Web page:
The unemployment rate in Spain, in spite of a decrease in recent years, remains relatively high compared to other European countries and tends to start rising again in early 2009. However, some economic sectors still offer professional opportunities for foreigners, including marketing, import- export, professorship, translation, IT and new technologies.
You'd better be fully prepared to seek for employment in Spain and have solid professional and language skills!
Fluency in Spanish is often an essential prerequisite to get a job, except in some large international companies where working languages are other than Spanish. Unskilled, seasonal or agriculture jobs do not require fluency in Spanish.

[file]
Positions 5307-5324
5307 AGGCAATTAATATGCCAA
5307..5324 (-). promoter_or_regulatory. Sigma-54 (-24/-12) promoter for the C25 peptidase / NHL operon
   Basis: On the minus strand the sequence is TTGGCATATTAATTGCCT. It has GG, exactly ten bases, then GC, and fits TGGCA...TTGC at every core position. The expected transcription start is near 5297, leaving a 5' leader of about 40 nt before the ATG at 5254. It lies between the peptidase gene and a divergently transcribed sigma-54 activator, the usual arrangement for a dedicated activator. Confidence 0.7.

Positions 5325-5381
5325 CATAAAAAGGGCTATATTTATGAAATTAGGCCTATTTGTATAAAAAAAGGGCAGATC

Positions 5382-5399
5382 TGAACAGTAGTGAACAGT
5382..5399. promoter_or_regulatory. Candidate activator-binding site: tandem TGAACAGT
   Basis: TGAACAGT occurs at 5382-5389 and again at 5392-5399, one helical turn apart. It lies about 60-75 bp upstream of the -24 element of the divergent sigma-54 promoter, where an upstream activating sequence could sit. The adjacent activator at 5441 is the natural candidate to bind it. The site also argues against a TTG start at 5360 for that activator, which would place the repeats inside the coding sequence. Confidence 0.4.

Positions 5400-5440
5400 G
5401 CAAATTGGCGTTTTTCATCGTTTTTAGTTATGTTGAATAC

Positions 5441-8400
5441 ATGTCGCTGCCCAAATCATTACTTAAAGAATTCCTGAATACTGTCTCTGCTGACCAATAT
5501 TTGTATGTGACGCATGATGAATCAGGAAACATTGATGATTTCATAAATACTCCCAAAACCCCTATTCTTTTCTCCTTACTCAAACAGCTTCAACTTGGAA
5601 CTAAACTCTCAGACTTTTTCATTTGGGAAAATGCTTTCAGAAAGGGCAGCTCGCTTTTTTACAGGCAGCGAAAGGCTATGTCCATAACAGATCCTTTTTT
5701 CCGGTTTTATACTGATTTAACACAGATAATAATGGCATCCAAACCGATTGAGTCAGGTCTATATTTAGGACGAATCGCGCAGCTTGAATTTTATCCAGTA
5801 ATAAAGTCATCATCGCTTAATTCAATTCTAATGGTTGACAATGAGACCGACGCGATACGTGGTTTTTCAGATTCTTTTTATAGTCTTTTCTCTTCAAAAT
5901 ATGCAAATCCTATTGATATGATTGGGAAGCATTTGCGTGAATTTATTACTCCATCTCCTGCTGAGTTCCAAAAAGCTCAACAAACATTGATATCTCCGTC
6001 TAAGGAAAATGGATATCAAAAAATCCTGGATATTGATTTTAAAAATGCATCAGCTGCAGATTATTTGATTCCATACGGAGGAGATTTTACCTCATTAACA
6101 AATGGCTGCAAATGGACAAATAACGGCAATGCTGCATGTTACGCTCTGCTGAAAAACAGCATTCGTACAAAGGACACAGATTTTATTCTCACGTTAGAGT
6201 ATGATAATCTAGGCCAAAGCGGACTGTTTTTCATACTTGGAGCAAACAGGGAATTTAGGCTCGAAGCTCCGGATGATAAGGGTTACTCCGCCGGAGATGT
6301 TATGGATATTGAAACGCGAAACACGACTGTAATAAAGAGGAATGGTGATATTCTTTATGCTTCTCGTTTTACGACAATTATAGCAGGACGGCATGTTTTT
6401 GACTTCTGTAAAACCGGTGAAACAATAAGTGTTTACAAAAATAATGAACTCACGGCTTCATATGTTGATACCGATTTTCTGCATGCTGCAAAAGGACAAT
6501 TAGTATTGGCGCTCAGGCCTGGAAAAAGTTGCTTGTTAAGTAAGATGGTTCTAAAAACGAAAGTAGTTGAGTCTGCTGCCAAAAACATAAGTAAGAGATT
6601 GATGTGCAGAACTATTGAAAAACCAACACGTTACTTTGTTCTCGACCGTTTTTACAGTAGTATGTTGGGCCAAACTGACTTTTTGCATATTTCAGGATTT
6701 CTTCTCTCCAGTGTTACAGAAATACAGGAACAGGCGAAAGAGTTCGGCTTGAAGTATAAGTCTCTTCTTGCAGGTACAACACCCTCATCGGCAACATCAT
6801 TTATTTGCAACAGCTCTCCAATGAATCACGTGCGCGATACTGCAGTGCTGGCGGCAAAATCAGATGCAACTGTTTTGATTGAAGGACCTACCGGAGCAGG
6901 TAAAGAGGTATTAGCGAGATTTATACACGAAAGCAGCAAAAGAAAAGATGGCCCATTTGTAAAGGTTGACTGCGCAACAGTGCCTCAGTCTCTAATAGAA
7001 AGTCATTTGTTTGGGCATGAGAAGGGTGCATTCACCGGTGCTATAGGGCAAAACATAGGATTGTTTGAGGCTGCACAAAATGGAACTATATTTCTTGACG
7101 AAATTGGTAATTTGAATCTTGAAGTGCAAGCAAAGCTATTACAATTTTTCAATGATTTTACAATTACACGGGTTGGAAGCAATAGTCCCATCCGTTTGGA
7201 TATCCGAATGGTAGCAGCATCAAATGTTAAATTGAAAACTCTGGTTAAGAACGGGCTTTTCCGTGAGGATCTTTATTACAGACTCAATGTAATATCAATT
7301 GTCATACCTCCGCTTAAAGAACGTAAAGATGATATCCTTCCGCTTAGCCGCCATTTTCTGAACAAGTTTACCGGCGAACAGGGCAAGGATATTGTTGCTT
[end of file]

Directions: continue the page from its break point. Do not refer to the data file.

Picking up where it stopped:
With regards to the geographical distribution of jobs, Madrid and Barcelona attract many foreign workers because of their bustling economic activities. Valencia has also experienced a strong economic expansion in recent years and also attracts many foreign workers. Many tourism or seasonal jobs are also available along the coasts.
The minimum monthly wage in Spain is of €624 (gross) for a full time job since 2009. Spanish employees benefit from 22 days off and 14 bank holidays per year. The legal working time is set at 40 hours per week (maximum 9 hours a day).
The working day usuakky starts later than elsewhere in Europe, around 9 or 10 am and ends later in the evening, around 7 or 8 pm.
Department of Labor
Oficina empleo - National Agency for Employment